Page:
dimensions of taxation in Ghana
Ernest Aryeetey, Isaac Osei-Akoto, Abena D. Oduro and Robert Darko Osei
Recent discussions on mobilizing domestic resources as part of the financing for development agenda have highlighted the fact that relatively little attention is paid to gender biases in taxation and the way in which reducing gender disparities in tax liability can help reduce household poverty in developing countries.
This chapter seeks to fill this gap by addressing three questions: (1) do the personal income tax laws in Ghana ensure formal and substantive equality for women and men? (2) who bears the burden of indirect taxes in Ghana? and (3) what can be learnt about the gender dimensions of tax burden in Ghana? More specifically, following a brief summary of the structure of the labour force, it analyses how tax policies and tax reforms are impacting differentially on women and men, and in particular on poor women. In so doing, it goes beyond the traditional approach to understanding gender, which is typically to group households by headship status. Rather, the approach is to group households not only by headship but by other characteristics such as employment and demographic structure, and to use a richer typology for tax incidence. The chapter then considers the impact of different policy scenarios in Ghana for different household types and proposes recommendations for change.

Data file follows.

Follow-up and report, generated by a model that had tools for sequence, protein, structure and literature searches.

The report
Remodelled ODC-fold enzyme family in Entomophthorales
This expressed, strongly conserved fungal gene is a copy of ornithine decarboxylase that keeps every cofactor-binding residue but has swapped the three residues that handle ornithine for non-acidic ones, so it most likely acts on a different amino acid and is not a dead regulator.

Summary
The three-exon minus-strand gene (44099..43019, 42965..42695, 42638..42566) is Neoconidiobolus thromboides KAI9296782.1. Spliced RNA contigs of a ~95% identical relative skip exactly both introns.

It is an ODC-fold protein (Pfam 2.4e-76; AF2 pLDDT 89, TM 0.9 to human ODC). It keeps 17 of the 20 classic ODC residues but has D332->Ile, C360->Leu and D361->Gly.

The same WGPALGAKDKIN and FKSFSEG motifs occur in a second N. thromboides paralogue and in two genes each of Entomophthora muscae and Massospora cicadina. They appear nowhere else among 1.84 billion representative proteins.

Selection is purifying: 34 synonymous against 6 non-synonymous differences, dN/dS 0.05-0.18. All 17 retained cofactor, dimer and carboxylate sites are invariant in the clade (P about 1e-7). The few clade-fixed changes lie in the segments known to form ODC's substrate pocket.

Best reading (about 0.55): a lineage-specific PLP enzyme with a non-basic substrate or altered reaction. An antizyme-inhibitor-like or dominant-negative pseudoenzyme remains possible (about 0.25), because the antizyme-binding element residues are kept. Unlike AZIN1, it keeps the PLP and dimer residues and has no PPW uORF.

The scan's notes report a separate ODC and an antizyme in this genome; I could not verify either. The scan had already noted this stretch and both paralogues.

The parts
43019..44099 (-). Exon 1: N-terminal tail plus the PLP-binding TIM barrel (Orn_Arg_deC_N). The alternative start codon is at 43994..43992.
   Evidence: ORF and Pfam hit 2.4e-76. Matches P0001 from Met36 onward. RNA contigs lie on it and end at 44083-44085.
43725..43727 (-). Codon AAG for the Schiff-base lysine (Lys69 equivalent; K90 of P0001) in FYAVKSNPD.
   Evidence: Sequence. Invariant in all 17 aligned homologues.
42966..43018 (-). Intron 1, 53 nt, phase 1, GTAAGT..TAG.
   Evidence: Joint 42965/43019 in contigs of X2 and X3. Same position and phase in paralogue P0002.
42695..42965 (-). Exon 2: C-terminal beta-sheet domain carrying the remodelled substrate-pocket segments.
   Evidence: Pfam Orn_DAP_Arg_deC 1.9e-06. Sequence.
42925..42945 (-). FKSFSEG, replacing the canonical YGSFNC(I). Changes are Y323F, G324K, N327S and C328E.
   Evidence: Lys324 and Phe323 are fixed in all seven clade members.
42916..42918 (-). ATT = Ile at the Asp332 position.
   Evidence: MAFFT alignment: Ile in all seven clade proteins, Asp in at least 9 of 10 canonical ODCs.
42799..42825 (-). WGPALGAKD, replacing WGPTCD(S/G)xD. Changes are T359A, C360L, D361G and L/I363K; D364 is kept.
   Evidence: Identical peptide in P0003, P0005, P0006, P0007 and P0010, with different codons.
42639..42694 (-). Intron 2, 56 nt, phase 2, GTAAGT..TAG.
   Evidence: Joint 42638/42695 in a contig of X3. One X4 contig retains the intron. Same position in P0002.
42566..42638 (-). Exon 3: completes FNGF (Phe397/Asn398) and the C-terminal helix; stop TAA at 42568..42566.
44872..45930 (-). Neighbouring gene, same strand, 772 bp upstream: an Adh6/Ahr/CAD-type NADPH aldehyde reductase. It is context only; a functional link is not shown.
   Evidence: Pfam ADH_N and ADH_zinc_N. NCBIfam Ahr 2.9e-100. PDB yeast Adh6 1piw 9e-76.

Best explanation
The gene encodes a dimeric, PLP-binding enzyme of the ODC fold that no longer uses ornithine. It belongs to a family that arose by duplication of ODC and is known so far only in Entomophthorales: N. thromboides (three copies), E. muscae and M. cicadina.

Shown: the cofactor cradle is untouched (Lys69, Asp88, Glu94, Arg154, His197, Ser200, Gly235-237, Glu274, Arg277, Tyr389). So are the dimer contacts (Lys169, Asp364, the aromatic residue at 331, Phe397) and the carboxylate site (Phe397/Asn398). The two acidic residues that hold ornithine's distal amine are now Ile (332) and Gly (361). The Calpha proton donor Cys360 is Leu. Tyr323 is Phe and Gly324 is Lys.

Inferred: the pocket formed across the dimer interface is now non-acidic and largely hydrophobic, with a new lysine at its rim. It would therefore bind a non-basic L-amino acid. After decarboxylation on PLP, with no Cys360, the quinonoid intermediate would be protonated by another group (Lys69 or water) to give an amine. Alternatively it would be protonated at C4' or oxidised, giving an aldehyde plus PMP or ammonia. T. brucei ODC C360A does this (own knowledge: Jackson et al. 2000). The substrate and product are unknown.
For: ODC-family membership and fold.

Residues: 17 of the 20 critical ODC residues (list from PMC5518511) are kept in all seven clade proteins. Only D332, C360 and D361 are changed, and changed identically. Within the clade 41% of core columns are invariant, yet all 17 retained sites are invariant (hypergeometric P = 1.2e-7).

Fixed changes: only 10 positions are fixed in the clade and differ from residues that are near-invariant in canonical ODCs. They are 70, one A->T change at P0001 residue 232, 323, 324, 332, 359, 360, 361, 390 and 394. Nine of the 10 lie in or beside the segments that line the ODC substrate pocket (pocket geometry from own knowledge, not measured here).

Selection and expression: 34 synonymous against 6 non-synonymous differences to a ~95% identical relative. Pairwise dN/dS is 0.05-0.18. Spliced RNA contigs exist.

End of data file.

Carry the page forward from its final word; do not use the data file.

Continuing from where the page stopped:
Agriculture has traditionally played an important role in Ghana's economy. In 2006, the sector accounted for approximately 36 per cent of the gross domestic product (GDP). Next in importance is the services sector, which accounted for 30 per cent of GDP. The share of manufacturing is low and is estimated at 8.8 per cent of GDP. Industry has been the fastest-growing sector at 7.3 per cent per annum followed by the services sector at 6.5 per cent and agriculture at 5.7 per cent.
In 2005–06, it was estimated that about 67 per cent of women and 71 per cent of men aged 15 years and older were in the labour force. About 50 per cent of employed women and 55 per cent of employed men aged 15 years and above were working in agriculture, which is the single largest sector of the labour force.
About 27 per cent of men and fewer than 10 per cent of women are employed in regular paid work – that is, receiving a salary or wages from an employer. The